Joined: January 31, 2005
Jeep- The marker has two small metal ball bearings in it. That portion is obscured per Alex's note above. In a weightbearing film (such as AC series, WB series of joints), the ball bearings are at the bottom of their circular container. In a nonweightbearing film, such as these, the bearings will appear in the middle of the container.
Each Xray tech has markers with their initials, a circular area where the bearings are kept, and the letters "R" and "L" on them. They use one of these markers on every film so you know what side is right or left, who shot the film, and if it is weightbearing or not. Hope that helps. J
Joined: February 19, 2004
I still don't see the L1 spinous fx, although I know Alex posted this with some pathology in mind. I'll call 'em as I see 'em, and although there has to be something funky going on somewhere, I just don't see it.
Don't see a compression fx, don't see clinically significant rotation, doggone it I don't see much to speak of at all. I'm looking though. Little hypolordotic lumbar curvature that I'm sure will come back to bite me.
Part of the learning experience is to be honest about what we see/don't see. We're all trying to learn what we can, and I won't make fun of anybody even when I think they're missing something obvious. But Alex, feel free to mock me a little, I'd mock me too.
Joined: March 29, 2003
[QUOTE]The marker has two small metal ball bearings in it. [/QUOTE]That is the marker I was taught to use(without fail), and personally used,(back in the days, when I used to take my own films), on EVERY film I took. Failure to do so was an automatic fail. However, that was in the days of "8 tracks"! I did not see one on the above films. However, in addition to the "right" I am familiar with, and understand, ---"CS" was noted. HMMMM.....I don't remember anything about "CS" in rad/clinic.....back in the "8 track" days" Am I getting "out-digitized"?........or is this some new marking system?.......HMMMMM? CS?...........HMMMM?........"CS?"......Alex said the patient was supine..........HHHMMMM????? CS? *C*orpse *S*upine?...........possible????HHHMMMM?????
Glad to hear that the old marker I was taught to use, and is used by the imaging center I order films from, are not out of date!! Some things are just fundamentally efficient. Now can we talk about those 8 tracks?!!! How about my VCR and cassettes??????? Oh Nevermind!!!LOL
Joined: February 7, 2006
JEEP thats because we all knew, (its a conspiracy) he he
I couldnt see the Fxr itself due to image quality(I said possibly a fxr)due to 1. the mech of injury 2. the way the upper dorsal really anterior tilts. almost as if its a flexion film, a compression frx would fit at that level. If it did evidence it self on plain film I would follow up with a lower dorsal scan to see if its active.
on the A-P the left illia is slightly larger than the right (if obtorators were shown you could really see the rotation) and the sacral apex is cocked over to the right, the vertebra are levorotated with a lumbar convexity to the left. This I deduced was caused by a slight pelvic torsion witht the left superior Illia being anterior. This could also cause the pelvic unleveling (not necessarily a short leg, need a tape measure to determine that) If this is true then the pt might have a left piriformis and quadratus tighter than the right in order to compensate. They might also present with a lateral foot flare on the left (D/T tight piriformis)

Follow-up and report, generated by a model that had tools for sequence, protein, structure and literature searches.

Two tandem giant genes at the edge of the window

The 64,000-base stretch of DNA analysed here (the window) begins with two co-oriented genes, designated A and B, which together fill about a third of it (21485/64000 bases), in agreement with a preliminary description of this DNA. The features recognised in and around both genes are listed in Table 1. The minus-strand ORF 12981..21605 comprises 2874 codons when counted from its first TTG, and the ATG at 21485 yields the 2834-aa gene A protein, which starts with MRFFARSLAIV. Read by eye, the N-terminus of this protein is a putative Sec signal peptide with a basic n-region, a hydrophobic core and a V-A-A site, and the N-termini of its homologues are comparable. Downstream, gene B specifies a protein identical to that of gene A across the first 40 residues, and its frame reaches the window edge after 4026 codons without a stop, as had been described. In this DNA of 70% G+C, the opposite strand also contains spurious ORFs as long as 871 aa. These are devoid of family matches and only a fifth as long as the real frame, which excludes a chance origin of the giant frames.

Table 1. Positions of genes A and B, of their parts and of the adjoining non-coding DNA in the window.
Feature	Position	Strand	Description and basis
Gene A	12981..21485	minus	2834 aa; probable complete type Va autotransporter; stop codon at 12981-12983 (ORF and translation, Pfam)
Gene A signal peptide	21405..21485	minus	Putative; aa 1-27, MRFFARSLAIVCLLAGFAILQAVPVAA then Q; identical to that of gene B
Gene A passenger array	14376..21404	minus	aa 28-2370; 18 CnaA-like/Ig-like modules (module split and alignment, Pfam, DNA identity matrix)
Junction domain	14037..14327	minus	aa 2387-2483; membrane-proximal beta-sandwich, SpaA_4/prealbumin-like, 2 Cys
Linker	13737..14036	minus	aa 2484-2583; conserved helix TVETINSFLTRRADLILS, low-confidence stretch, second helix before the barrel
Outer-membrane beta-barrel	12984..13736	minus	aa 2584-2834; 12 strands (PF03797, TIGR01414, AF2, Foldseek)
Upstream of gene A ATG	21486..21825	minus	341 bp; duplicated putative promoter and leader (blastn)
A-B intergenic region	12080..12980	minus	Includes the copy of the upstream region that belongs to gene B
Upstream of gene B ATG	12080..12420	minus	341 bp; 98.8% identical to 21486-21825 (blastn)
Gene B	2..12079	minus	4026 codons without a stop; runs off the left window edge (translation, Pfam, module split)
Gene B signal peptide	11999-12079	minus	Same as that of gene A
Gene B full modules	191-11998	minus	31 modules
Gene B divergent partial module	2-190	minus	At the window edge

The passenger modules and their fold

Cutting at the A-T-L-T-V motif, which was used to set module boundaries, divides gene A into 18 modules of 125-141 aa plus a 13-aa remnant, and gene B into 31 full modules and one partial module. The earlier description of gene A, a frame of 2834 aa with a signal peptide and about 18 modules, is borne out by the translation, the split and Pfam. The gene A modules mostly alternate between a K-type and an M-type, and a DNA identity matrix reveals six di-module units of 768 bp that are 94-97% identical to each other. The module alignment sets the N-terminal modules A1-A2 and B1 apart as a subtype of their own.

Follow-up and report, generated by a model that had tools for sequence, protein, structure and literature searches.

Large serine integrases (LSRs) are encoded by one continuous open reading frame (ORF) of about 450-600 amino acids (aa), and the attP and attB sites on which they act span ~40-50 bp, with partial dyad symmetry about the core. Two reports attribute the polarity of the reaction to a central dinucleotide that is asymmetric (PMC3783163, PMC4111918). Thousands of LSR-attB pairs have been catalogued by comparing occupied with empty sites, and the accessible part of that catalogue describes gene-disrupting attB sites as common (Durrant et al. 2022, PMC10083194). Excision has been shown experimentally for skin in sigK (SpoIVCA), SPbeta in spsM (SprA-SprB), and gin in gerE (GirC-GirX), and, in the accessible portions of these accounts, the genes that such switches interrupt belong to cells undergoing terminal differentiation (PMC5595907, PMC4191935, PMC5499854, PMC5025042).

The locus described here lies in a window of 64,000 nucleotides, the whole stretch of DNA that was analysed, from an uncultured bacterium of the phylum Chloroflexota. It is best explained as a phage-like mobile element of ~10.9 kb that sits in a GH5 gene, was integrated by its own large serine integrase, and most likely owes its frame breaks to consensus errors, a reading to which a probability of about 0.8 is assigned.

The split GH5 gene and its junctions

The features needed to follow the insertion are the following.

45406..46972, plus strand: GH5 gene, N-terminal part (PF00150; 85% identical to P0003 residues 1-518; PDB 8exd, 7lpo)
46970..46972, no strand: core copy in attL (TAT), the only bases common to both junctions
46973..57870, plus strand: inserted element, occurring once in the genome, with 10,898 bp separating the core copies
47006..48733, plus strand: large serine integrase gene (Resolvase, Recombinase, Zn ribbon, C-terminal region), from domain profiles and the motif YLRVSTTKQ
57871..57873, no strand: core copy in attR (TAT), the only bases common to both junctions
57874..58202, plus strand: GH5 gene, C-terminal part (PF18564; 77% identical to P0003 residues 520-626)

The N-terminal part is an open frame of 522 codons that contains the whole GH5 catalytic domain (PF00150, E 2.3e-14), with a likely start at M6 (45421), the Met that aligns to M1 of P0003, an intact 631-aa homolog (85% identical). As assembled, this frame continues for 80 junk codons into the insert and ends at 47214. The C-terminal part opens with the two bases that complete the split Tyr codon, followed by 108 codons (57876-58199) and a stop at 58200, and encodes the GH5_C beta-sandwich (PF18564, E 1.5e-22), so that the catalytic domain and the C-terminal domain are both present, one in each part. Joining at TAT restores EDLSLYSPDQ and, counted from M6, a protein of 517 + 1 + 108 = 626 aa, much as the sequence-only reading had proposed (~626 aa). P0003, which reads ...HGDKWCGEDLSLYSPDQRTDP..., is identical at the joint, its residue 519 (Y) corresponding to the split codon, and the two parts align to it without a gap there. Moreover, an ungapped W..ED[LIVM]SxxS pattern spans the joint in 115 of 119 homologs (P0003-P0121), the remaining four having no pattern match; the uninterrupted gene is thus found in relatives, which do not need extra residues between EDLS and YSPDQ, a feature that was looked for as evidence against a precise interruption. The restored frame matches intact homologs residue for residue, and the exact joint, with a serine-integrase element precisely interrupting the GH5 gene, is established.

I would try and coordinate all the "possible" infor off the film with the physical pres.
Joined: December 22, 2003
[QUOTE] on the A-P the left illia is slightly larger than the right (if obtorators were shown you could really see the rotation) and the sacral apex is cocked over to the right, the vertebra are levorotated with a lumbar convexity to the left. This I deduced was caused by a slight pelvic torsion witht the left superior Illia being anterior. This could also cause the pelvic unleveling (not necessarily a short leg, need a tape measure to determine that) If this is true then the pt might have a left piriformis and quadratus tighter than the right in order to compensate. They might also present with a lateral foot flare on the left (D/T tight piriformis) [/QUOTE]Or.....drumroll please...........it could be that......
The patient was not lying on their back in a perfectly symmetrical fashion
Joined: March 1, 2004
The purpose of the history of this study was to draw your attention away from the small round densities in the lower pelvis. There is no fracture in this study.
Radiology report reads:
Lumbar spine [ 3] views:
There is no lytic or sclerotic lesion, with mild limitation in evaluation by overlying bowel gas. There is no significant disk space narrowing,with no significant degenerative changes. No fracture or subluxation observed. Small densities, most likely phleboliths, are visualized in lower pelvis. Recommend to correlate these findings clinically.
IMPRESSION: Normal lumbar spine [IMG][/IMG]
So the question is, what are phleboliths and should we be concerned? As a PT would you refer back to the physician? Is this worth a call to the referring physician?
< Message edited by David Adamczyk -- July 13, 2007 1:54:46 AM >
Joined: May 9, 2004
From: West Palm Beach
**** i got one right! it must be tha radiology course my DPT program made me take, just call me Pablo from now on! These little suckers are not emergencies. If your systemic review showed reason to think that there is some bloackage or that they may be kidney stones, which ours does, I would refer back to the doc and let them know these pains may be from the presence of these little suckers and may need a CT scan to further rule out. I do not think it is any medical emergency warranting immediate referral etc, but it should be referred back since this new onset off flank pain may be related. Thanks Alex for the case- Ben